A chord, in music, is any harmonic set of pitches/frequencies consisting of multiple notes (also called "pitches") that are heard as if sounding simultaneously. For many practical and theoretical purposes, arpeggios and broken chords (in which the notes of the chord are sounded one after the other, rather than simultaneously), or sequences of chord tones, may also be considered as chords in the right musical context.
In tonal Western classical music (music with a tonic key or "home key"), the most frequently encountered chords are triads, so called because they consist of three distinct notes: the root note, and intervals of a third and a fifth above the root note. Chords with more than three notes include added tone chords, extended chords and tone clusters, which are used in contemporary classical music, jazz and almost any other genre.
A series of chords is called a chord progression. One example of a widely used chord progression in Western traditional music and blues is the 12 bar blues progression. Although any chord may in principle be followed by any other chord, certain patterns of chords are more common in Western music, and some patterns have been accepted as establishing the key (tonic note) in common-practice harmony—notably the resolution of a dominant chord to a tonic chord. To describe this, Western music theory has developed the practice of numbering chords using Roman numerals to represent the number of diatonic steps up from the tonic note of the scale.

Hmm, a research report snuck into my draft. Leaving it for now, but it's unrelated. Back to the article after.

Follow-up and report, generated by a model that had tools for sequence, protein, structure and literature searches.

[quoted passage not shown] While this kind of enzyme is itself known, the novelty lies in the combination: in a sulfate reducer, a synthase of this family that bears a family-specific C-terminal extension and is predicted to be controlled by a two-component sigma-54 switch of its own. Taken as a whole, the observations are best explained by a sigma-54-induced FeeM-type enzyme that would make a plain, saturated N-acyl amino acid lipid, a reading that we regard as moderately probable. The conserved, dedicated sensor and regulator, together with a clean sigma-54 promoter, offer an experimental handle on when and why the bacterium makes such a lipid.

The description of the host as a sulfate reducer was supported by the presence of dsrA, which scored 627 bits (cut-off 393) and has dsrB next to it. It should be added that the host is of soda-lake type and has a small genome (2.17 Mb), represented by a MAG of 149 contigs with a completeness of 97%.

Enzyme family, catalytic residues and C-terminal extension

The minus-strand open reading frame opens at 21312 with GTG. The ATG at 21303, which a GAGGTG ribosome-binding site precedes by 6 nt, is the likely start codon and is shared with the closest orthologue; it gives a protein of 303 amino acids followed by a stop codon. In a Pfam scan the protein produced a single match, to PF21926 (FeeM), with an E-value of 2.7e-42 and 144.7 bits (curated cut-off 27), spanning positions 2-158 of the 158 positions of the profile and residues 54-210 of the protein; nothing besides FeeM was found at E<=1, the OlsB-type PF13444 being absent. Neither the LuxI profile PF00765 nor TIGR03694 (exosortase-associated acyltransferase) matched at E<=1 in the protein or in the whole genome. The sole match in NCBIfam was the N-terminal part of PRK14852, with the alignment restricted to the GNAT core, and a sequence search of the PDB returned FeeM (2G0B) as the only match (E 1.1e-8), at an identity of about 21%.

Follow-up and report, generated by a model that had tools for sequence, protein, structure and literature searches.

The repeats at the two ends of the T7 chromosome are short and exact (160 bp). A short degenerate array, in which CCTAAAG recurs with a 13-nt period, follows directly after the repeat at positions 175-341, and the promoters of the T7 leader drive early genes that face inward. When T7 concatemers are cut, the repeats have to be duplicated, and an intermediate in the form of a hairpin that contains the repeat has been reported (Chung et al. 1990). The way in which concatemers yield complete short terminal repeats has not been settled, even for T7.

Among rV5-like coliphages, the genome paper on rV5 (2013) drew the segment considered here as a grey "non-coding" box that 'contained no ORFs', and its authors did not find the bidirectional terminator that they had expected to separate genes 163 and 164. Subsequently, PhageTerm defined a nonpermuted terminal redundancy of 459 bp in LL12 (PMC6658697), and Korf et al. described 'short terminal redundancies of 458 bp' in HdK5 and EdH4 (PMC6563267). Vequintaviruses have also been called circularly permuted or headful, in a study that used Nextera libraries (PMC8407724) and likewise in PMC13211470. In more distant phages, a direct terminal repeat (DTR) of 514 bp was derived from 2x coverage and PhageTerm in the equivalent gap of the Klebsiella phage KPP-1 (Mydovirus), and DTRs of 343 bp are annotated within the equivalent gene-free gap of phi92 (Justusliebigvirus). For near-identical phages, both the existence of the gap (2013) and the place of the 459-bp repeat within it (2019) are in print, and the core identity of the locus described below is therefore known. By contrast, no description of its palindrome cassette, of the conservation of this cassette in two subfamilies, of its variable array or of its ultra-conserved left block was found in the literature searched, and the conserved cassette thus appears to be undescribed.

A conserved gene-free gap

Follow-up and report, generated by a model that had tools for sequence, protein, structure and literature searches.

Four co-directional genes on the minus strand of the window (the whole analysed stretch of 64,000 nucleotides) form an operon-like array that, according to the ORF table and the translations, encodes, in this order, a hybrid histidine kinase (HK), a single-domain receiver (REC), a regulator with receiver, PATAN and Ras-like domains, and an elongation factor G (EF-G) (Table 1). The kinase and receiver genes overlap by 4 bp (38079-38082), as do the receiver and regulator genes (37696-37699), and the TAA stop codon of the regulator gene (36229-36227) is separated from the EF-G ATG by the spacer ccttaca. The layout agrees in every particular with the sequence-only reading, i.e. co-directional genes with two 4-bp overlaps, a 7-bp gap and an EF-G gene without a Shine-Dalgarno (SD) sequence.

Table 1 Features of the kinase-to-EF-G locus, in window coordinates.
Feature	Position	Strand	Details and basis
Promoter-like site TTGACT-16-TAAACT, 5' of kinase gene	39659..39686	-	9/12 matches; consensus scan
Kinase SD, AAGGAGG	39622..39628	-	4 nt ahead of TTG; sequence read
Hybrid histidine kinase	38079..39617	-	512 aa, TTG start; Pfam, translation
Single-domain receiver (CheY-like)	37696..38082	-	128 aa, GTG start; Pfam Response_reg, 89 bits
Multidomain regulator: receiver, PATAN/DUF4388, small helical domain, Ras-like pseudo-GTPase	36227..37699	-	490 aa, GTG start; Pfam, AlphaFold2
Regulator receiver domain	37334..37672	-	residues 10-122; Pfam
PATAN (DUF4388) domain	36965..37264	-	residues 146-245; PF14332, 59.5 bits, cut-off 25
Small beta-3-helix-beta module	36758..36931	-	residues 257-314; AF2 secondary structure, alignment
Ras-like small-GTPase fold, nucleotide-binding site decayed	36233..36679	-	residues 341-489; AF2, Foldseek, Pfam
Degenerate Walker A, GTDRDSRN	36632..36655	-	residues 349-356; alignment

Common ways of notating or representing chords in Western music (other than conventional staff notation) include Roman numerals, the Nashville Number System, figured bass, chord letters (sometimes used in modern musicology), and chord charts.